Public Safety

If you graduate from the Citizens Fire Academy, you just might want to become a volunteer firefighter. If not, you’ll know a lot more about how your tax dollars are spent and why our fire department is internationally accredited. Classes begin Wednesday, September 12. Photo: Ken Lager

FIRE DEPARTMENT FUN Learn about firefighting plus everything else firefighters do. Mt. Lebanon, Castle Shannon and Dormont fire departments will present the 2018 Citizens Fire Academy, beginning on Wednesday, September 12. Classes will meet primarily on Wednesday evenings from 7 to 10  with Saturday sessions on October 13 and November 3 and a graduation ceremony on Wednesday, November 14.

Tour the station, don firefighting gear, learn about vehicle extrication, technical rescue, hazardous materials, engine and truck company operations, fire prevention and emergency management. Pick up an application at the Mt. Lebanon Public Safety Center, 555 Washington Road, or learn more and download an application at


Four Mt. Lebanon firefighters were honored at Pittsburgh’s Amen Corner’s eighth annual Fire-fighter/EMS awards reception for their lifesaving efforts in three dwelling fires. From left, Ezra Braun, Kris Siegert, Glenn Wallace and Joe Thuransky. Photo: Ken Lager

GOOD WORK Firefighters Ezra Braun, Kris Siegert, Joe Thuransky and Glenn Wallace (retired), received an award from Amen Corner and Pittsburgh Metro FOOLs at the eighth annual Firefighter/EMS awards. The four members of the department received recognition for their efforts in rescuing  civilians at three separate Mt. Lebanon dwelling fires.

The Amen Corner is a 147-year-old Pittsburgh social welfare agency that provides positive role models and networking opportunities for its members. It also honors people who make Pittsburgh a better place to live. Pittsburgh FOOLs (Fratenal Order of Leatherheads Society) is a nonprofit service agency that provides training and supports to firefighters and their families. CAPTION: Four Mt. Lebanon firefighters were honored at Pittsburgh’s Amen Corner’s eighth annual Fire-fighter/EMS awards reception for their lifesaving efforts in three dwelling fires.  From left, Ezra Braun, Kris Siegert, Glenn Wallace and Joe Thuransky.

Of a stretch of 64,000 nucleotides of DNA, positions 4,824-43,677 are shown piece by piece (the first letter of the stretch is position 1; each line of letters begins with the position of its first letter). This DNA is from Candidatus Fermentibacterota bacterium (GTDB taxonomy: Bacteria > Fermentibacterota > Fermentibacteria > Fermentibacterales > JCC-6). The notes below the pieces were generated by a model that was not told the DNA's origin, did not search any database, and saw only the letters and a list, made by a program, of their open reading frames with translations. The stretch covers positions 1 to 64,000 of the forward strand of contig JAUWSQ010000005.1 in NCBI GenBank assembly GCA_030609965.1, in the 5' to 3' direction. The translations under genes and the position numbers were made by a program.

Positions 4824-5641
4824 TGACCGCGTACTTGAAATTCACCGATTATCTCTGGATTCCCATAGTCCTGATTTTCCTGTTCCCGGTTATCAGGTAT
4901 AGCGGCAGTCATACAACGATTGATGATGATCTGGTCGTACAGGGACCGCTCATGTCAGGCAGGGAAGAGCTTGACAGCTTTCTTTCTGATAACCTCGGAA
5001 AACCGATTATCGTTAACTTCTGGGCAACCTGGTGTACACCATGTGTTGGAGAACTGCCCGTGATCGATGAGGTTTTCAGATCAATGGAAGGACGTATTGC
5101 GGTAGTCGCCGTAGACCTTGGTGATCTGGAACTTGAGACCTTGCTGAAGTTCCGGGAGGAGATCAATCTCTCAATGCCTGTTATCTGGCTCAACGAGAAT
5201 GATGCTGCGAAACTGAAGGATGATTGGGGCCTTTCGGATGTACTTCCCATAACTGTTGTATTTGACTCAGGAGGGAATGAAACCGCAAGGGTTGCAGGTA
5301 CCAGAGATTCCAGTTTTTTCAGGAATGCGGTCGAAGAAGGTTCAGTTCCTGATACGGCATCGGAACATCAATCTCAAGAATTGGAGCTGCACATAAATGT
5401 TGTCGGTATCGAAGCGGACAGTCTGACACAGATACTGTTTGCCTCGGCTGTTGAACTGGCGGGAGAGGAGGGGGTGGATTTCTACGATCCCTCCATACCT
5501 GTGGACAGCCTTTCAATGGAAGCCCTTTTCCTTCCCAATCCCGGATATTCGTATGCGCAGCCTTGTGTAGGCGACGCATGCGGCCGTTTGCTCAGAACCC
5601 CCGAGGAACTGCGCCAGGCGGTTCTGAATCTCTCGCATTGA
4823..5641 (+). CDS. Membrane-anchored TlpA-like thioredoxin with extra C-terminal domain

OPEN HOUSE The firehouse is open! Save the date: October 6. Time to be announced. The Mt. Lebanon Fire Department will celebrate its 100th anniversary with you at the Public Safety Center, 555 Washington Road. You’ll get to see antique fire equipment and other displays from throughout the department’s history. A highlight will be the traditional Push-In ceremony for the department’s new pumper. The truck, which cost $575,000, replaces the former engine Number 3 (which brought in a tidy $50,000 in resale).

The new truck, manufactured by Rosenbauer America, the largest firetruck manufacturer in the world, will become the workhorse of the department and will be used for everything from fires to vehicle crashes to medical service calls. It will be the main truck in use for the next five years, then will become part of a rotating group of trucks to serve the department for a total of 15 years.


NEW JOBS They tried it. They liked it. And now they’re here for good. Two volunteer firefighters recently were hired in June as career lieutenants with the department. Robert Jankowski, Sleepy Hollow Road, has been a volunteer for six years and worked for the Allegheny County Airport Authority fire department. Joe Gavita, Castle Shannon Boulevard, has been a volunteer for five years, and was previously a volunteer assistant fire chief in Crescent Township and a part-time firefighter in Peters.


Officer Bryan Henley